Indian electricity market is under transition. India added 60 GW of coal and 24 GW of renewable in the past 5 years. However, the volume is expected to reverse in the next ten years, with renewables expected to add 200 GW while coal net addition expected to be 48 GW during the same period. This come from India’s intended target laid out in National Electricity Plan-2018, which plans renewable energy at 175 GW by FY 2022 and at 275 GW by FY 2027 while coal is intended to contribute 238 GW cumulatively in FY 2027.
The key driver for this transition has been the reduction in price of renewables, enabling them to become energy source of choice among buyers. Wind and solar are already cheaper than coal today, with unsubsidized cost of coal being INR 3.8-4.2/kWh (including grid charges), while that for renewable being INR 2.8-3.0/ kWh (excluding AD, including the current waive-off on ISTS charges). Going forward, the cost of coal power is expected to increase by ~15% in the next 10 years, due to increase in the domestic fuel costs, higher cost of debt and increasing environmental costs. The cost of power from wind and solar, on the contrary, is expected to decline by 30-40% in the same period, driven using state-of-the-art technology, insourcing of O&M and localization of supply chain. Renewables are expected to reach INR 1.9/kWh, as compared to coal which is expected to cost INR 4.4/kWh in 2027 (see exhibit-1)
Exhibit 1-Expected development of coal, wind and solar costs in India
Currently, there are 48 GW of coal projects under-construction and these are expected to be online by 2022. In addition, there is 84 GW of coal pipeline at pre-construction stage including, permitted, pre-permitted and announced plants). Multiple cancellations have been taking place in the pre-construction pipeline due to issues in business case, and nearly 53 GW out of 84 GW of current pipeline is expected to move outside 10 years purview due to multiple issues like imported coal supply, delays and financing issues etc. If no coal is added post 2022 and coal-retirements are accelerated due to government’s environmental focus, and capacity is added according to merit order (renewables) on grid, renewable can be expected to cumulatively reach ~380 GW over the next 10 years. However, government policies need to move away from coal addition towards economical dispatch and augment grid proportionally to fulfill this potential.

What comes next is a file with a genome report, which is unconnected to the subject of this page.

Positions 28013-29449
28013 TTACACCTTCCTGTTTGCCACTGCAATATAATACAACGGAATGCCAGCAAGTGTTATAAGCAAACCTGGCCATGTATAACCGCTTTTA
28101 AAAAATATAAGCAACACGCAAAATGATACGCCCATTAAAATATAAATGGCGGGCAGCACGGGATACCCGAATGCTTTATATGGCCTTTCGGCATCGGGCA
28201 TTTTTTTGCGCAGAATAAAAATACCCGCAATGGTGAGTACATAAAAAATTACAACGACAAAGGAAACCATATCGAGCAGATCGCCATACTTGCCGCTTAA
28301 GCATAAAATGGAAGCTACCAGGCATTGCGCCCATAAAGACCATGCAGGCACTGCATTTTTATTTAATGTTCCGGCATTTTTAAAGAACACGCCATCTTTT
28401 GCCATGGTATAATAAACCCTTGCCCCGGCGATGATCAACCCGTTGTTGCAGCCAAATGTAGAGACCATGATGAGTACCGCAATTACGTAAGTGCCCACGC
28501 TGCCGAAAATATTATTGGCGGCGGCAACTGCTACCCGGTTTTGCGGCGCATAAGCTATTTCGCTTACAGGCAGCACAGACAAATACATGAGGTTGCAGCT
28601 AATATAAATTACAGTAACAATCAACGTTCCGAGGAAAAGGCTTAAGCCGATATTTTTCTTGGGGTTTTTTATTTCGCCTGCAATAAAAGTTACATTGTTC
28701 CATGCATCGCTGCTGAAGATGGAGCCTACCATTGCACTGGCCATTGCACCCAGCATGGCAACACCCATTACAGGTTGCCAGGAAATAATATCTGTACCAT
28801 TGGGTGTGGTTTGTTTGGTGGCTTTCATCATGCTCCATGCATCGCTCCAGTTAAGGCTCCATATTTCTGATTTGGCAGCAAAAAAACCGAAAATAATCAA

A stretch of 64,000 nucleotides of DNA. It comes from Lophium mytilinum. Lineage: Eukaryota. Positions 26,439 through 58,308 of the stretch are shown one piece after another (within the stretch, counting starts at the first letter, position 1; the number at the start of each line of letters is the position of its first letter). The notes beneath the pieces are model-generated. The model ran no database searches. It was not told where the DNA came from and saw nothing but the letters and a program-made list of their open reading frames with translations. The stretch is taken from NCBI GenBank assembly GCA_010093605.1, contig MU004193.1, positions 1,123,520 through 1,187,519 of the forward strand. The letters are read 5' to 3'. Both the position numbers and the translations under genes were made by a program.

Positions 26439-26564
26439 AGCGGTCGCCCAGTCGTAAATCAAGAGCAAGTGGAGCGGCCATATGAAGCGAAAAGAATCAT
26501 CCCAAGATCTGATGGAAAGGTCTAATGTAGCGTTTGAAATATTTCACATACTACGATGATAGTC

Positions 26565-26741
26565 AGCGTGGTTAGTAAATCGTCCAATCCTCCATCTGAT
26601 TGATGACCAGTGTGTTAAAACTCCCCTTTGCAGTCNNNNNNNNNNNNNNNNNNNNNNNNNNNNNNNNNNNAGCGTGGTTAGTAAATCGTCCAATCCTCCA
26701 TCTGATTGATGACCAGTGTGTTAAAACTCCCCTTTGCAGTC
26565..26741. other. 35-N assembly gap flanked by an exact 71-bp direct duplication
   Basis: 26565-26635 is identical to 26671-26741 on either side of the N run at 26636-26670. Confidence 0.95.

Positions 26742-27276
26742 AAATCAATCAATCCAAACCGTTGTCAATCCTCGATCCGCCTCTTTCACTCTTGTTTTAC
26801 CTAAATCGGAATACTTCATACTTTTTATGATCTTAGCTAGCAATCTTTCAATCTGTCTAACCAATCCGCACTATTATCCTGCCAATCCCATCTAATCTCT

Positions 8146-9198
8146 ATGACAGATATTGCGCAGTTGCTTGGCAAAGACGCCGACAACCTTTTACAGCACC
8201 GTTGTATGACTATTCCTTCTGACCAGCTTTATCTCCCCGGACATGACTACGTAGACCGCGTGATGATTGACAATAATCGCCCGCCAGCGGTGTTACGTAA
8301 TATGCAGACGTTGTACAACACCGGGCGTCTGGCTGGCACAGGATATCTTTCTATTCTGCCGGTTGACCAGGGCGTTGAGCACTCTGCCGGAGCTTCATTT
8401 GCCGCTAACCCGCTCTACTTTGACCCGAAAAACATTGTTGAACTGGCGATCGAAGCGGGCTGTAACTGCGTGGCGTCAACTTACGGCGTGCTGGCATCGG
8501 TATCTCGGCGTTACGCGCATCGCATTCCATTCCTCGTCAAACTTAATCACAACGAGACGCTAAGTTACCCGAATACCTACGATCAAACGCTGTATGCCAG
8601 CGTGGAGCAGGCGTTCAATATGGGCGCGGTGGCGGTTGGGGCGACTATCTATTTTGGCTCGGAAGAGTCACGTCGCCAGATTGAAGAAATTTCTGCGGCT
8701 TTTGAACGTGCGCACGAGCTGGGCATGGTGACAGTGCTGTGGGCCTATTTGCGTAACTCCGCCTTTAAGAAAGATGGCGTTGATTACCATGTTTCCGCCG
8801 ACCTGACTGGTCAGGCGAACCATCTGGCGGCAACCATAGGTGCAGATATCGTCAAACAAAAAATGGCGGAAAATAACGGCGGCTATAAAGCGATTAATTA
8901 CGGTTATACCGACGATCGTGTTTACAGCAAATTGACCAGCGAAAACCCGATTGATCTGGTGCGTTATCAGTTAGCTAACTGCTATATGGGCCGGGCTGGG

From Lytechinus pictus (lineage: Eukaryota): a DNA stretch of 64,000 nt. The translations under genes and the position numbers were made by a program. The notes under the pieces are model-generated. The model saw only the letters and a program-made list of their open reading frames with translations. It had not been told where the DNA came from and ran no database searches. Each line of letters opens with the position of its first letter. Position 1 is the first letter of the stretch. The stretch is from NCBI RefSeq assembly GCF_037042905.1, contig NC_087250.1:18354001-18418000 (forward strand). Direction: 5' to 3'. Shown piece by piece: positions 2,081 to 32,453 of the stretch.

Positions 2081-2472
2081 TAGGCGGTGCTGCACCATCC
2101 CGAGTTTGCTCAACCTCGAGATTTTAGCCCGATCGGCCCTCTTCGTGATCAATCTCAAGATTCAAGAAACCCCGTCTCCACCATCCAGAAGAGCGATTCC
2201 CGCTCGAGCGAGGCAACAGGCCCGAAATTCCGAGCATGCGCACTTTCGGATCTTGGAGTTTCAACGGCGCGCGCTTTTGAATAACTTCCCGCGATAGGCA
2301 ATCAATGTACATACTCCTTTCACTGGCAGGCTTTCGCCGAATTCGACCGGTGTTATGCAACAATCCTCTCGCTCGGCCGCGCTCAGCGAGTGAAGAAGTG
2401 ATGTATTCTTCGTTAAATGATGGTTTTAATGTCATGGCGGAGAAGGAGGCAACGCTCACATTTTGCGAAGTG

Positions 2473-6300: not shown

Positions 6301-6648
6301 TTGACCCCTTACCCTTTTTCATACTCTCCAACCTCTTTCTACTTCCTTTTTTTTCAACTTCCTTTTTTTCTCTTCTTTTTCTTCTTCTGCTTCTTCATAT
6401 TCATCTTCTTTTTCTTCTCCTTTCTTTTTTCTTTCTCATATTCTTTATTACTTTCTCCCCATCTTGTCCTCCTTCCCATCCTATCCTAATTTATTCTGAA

Yet, the trajectory of renewable is expected to go through starts and stops. Three factors will be responsible for this.
In short-term, role of renewable will be dependent on grid availability. Currently 17 GW and 50 GW of grid is planned to be built in the next two years to integrate 22 GW of wind and 60 GW+ of solar online by FY 2022. This will limit the amount of capacity to the availability of grid.
In mid-long term, coal plants may not retire or be even utilized at higher rate than today. Coal assets in India are currently running at suppressed CUFs of 60%-65%, and further additional pipeline of 120 GW+ (if the bottlenecks are solved) is expected to put further downward pressure. Government’s strategy to revive these stressed assets can impact contribution of renewables.
Lastly, in long term, specifically wind is expected to be dependent on new technology to exploit the wind sites. India has a potential of ~300 GW of wind resource, however, sites above 6.5 m/s are limited to ~80 GW, which are expected to be exhausted by 2027. This will result in escalating tariffs on remaining sites, if no new technology is available. Solar faces no such restriction.
Considering the above factors which can impact renewable energy installations in the country, four scenarios emerge with varying level of RE and coal power on the grid. These are- Business-As-Usual scenario, National Electricity Plan (NEP) scenario, RE-Preference scenario and Coal-Preference scenario (framework showcasing scenarios in India-Exhibit 2)
Exhibit 2-Possible scenario for Indian Electricity mix in 2027
RE integration in the next 10 years varies by a factor of 15X, between coal-preference scenario and RE-preference scenario. While in former scenario, renewables are restricted by both grid and coal’s role on grid, in latter scenario no coal addition takes place post 2022 and grid is planned to enable RE to meet electricity demand.
However, to facilitate the core-driver of RE, i.e. cost decline in India, market participants need to think big, while being vary of the risks. Facilitation will happen by transfer of the state-of-the-art technology in product as well as services and full localization of wind and solar value chain.